An appeals court in Iraqi Kurdistan on Tuesday upheld six-year jail sentences for five journalists and activists, after a trial criticised by rights groups.
Defence lawyer Aso Hashem told AFP that ‘three of the five judges of the cassation court upheld the sentence’ passed February 16 by a court in Arbil, capital of the autonomous Kurdish region in northern Iraq.
Former judge and lawmaker Latif Moustafa, who left the Kurdish judicial system over its politicisation, confirmed the ruling.
Journalists Ayaz Karam, Kohidar Zebari and Sherwan Sherwani, along with activists Shivan Saed and Harwian Issa faced multiple charges, including ‘inciting protests and destabilising’ Kurdistan, as well as ‘spying’, ‘armed’ struggle and ‘misuse of electronic devices’.
The five men covered or took part in anti-government protests held last year in several Kurdish cities and towns over a major fiscal crisis that caused delayed public sector salaries and pay cuts.
Human Rights Watch said the charge of ‘spying’ was based in court solely on social media posts and testimony of ‘secret informants’, who did not appear and were not cross-examined.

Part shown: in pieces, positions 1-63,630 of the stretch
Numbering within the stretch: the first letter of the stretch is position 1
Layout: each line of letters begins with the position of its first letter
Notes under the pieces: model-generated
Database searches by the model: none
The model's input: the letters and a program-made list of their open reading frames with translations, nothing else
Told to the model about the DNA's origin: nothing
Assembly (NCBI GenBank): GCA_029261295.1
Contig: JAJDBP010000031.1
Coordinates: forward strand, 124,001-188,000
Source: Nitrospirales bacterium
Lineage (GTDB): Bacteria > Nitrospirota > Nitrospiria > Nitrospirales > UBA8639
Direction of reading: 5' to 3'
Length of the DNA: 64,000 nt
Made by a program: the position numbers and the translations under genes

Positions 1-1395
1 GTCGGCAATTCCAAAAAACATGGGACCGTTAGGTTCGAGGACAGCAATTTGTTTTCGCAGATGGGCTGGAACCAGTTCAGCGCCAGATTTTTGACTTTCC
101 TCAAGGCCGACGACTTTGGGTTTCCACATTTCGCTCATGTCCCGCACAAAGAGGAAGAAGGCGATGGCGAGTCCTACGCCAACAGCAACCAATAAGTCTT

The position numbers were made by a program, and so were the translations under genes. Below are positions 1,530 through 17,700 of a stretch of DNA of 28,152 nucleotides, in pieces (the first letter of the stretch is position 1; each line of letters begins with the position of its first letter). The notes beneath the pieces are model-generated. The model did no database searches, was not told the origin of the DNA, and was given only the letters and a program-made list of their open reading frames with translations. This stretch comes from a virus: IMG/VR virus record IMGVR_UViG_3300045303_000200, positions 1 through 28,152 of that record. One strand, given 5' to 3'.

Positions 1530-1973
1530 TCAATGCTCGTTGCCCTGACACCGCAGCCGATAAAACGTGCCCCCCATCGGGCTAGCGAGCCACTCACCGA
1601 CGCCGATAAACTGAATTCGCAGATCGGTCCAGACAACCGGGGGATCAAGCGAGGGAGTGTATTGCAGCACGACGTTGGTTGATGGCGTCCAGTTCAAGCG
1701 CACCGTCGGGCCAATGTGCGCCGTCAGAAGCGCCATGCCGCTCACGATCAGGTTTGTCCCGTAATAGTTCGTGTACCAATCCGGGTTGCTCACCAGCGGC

‘These men were sentenced because of a biased political will,’ charged Belkis Wille, senior researcher at HRW.
A US State Department report last year on human rights in Kurdistan said ‘senior leaders reportedly influenced politically sensitive cases’.
Sherwani, known for his investigations into corruption, had criticised Kurdish prime minister Masrour Barzani on Facebook before his arrest.
The cassation court’s decision ‘represents how significantly Kurdish authorities have allowed free expression to be eroded’, Wille added.
On Monday, World Press Freedom Day, journalist Karoukh Othmane was arrested in the Kurdish province of Sulaimaniyah.
Karzan Fadhel, a lawyer and head of the Democracy and Human Rights Development Center in Sulaimaniyah, has listed ‘74 political prisoners’ in Arbil and Dohuk, all ‘dissidents or protesters indiscriminately arrested on charges of security offences or terrorism’.
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